Whenever Google puts up a doodle for a day that has significance in multiple countries I wonder what else they're using to commemorate the day on their other sites around the world. I'm finding today's commemorations interesting in their nuanced differences.
In a number of the Commonwealth nations, there is no doodle today. Instead, there is an understated message beneath the search box, with a link to the Google Cultural Institute's site on the First World War. That and a small poppy, whose alt tag is "Remembrance Day":
That's what you'll see today on Google UK and Google Australia, and on Google's English language site for New Zealand. (The Maori site has no poppy and no link.) Google Canada has just a poppy for both the English and French sites, with no message or link, which is interesting, because Google Belgium has both the poppies and the links, bilingual in Dutch ("Herdenking Eerste Wereldoorlog. Beelden en verhalen van het front") and French ("Première Guerre Mondiale : revivez l’Histoire au travers de récits et photos"), but not in their German or English versions.
In France, an equally understated cornflower (a bleuet de France) replaces the poppy:
Google Poland's site, shows a Independence Day doodle today:
The Google Doodle on the United States site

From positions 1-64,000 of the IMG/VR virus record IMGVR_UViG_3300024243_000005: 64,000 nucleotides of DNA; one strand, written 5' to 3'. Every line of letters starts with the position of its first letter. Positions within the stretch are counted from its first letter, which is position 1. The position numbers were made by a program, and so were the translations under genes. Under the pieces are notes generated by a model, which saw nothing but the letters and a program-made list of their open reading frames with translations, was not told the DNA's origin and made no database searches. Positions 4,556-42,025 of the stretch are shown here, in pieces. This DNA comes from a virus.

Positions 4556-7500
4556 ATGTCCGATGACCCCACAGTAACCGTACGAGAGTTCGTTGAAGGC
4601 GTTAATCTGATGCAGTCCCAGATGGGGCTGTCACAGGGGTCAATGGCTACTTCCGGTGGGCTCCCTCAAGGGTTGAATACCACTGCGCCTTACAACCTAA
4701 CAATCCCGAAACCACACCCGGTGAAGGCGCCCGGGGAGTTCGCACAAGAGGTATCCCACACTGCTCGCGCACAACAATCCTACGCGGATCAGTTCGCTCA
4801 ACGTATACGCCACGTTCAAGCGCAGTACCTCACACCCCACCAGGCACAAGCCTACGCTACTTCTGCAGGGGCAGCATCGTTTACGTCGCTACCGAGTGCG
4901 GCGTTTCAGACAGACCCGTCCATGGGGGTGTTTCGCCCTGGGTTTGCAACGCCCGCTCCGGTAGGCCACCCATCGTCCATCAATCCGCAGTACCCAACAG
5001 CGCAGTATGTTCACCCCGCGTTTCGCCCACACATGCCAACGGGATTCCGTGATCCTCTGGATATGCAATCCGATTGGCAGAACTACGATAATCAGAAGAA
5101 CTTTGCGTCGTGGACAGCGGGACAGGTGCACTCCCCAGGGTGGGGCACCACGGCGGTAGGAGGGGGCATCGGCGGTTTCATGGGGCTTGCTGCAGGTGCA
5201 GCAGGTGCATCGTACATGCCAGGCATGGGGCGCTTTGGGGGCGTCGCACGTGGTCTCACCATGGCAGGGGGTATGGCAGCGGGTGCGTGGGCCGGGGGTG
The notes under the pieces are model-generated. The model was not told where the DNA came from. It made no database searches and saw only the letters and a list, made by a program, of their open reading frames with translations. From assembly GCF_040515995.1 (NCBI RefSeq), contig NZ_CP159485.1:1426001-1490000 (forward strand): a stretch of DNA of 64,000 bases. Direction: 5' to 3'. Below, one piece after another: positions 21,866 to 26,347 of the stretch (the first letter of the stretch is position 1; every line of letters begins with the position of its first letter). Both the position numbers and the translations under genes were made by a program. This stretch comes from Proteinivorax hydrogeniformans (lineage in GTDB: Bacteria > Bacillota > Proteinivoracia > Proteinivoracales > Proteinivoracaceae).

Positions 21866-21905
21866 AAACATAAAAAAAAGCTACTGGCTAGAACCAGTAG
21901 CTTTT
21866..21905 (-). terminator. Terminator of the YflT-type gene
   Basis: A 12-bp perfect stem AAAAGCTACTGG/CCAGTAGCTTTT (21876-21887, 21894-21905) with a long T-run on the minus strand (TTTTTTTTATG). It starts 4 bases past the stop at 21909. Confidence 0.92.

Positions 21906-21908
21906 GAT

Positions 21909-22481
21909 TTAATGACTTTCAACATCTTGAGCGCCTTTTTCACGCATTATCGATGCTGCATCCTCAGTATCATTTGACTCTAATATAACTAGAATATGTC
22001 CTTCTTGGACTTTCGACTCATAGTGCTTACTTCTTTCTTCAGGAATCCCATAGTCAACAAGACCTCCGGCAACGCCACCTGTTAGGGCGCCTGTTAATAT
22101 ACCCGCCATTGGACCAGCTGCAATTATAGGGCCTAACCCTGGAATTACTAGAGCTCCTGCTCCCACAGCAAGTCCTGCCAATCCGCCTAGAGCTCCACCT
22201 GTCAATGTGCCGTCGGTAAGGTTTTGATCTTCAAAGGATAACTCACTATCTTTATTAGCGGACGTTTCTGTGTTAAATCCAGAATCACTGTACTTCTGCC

reflects a difference in emphasis between Veterans Day and Remembrance Day: "In the U.S., the function of Veterans Day is subtly different from that of other 11 November holidays. Unlike the situation in other countries, where that calendar date is set aside specifically for honoring those who died in action, Veterans Day honors all American veterans, whether living or dead, killed in action or deceased from other causes. The official national remembrance of war dead is instead Memorial Day, originally called 'Decoration Day', from the practice of decorating the graves of soldiers, which originated in the years immediately following the American Civil War.
*From the "National Independence Day" Wikipedia entry: "All of these holidays and Polish Independence Day are indirectly related because they all emerged from the circumstances at the end of World War I. In other countries, holidays were established in the spirit of grief and horror at the enormous human cost of the war, and they mark the sacrifices of those who fought. For Poland, however, the tragedy of the war was tempered by what had been accomplished at its end: the restoration of a sovereign Polish state that had been lost entirely in the partitions of Poland, after 123 years of struggle."